Faith ! ill, I fear, while conjuring wand Of English oak is hard at hand.

II. Or grant the hour be all too soon For Hessian boot and pantaloon, And grant the lounger seldom strays Beyond the smooth and gravell'd maze, Laud we the gods, that Fashion's train Holds hearts of more adventurous strain. Artists are hers, who scorn to trace

Their rules from Nature’s boundless

grace, But their right paramount assert To fimit her by pedant art, Damning whate'er of vast and fair Exceeds a canvas three feet square. This thicket, for their gumption fit, May furnish such a happy bit. Bards, too, are hers, wont to recite Their own sweet lays by waxen light, Half in the salver's tingle drown'd, While the chasse-cafe glides around; And such may hither secret stray, To labour an extempore: Or sportsman, with his boisterous

hollo, May here his wiser spaniel follow; Or stage-struck Juliet may presume To choose this bower for tiring-room; And we alike must shun regard, From painter, player, sportsman, bard. Insects that skim in Fashion's sky, Wasp, blue-bottle, or butterfly, Lucy, have all alarms for us, For all can hum and all can buzz.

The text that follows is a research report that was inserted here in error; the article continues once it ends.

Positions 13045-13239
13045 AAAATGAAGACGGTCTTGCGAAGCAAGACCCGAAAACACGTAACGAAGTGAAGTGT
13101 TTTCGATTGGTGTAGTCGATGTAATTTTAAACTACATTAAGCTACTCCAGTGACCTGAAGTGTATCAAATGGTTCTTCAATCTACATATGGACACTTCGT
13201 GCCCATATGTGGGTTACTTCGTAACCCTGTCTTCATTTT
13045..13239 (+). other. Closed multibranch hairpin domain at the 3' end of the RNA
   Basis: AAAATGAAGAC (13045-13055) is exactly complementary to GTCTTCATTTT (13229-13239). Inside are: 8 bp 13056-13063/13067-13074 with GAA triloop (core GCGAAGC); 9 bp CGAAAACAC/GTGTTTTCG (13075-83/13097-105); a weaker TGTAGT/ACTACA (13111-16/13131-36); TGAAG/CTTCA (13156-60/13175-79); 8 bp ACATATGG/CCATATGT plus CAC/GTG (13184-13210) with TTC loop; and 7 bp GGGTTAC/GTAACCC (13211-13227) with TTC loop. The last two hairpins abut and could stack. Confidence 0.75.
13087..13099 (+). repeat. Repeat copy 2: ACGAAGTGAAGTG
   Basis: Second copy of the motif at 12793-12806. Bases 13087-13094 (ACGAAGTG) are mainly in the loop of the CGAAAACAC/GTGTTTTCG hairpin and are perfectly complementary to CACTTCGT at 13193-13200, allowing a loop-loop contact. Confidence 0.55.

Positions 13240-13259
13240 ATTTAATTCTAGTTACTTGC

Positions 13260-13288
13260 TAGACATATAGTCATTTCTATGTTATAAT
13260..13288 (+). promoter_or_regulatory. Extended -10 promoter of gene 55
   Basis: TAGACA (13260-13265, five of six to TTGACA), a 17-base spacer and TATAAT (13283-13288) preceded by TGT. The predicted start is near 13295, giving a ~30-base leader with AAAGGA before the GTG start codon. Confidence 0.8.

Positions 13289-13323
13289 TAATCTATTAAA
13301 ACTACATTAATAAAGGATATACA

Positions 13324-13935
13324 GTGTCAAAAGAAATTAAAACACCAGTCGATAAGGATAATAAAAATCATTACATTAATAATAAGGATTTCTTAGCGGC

But oh, my Lucy, say how long
Westill must dread this trifling throng,
And stoop to hide, with coward art,
The genuine feelings of the heart |
No parents thine whose just command
Should rule their child's obedient

hand; Thy guardians, with contending voice Press each his individual choice.

And which is Lucy's Can it be
That puny fop, trimm'd cap-a-pie,
Who loves in the saloon to show
The arms that never knew a foe;
Whose sabre trails along the ground,
Whose legs in shapeless boots are
drown'd ; -
A new Achilles, sure : the steel
Fled from his breast to fence his heel;
One, for the simple manly grace
That wont to deck our martial race,
Who comes in foreign trashery
Of tinkling chain and spur,
A walking haberdashery,
Of feathers, lace, and fur:
In Rowley's antiquated phrase,
Horse-milliner of modern days

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Were all the wealth of Russell mine,
And all the rank of Howard's line,
All would I give for leave to dry
That dewdrop trembling in thine eye.
Think not I fear such fops can wile
From Lucy more than careless smile ;
But yet if wealth and high degree
Give gilded counters currency,
Must I not fear, when rank and birth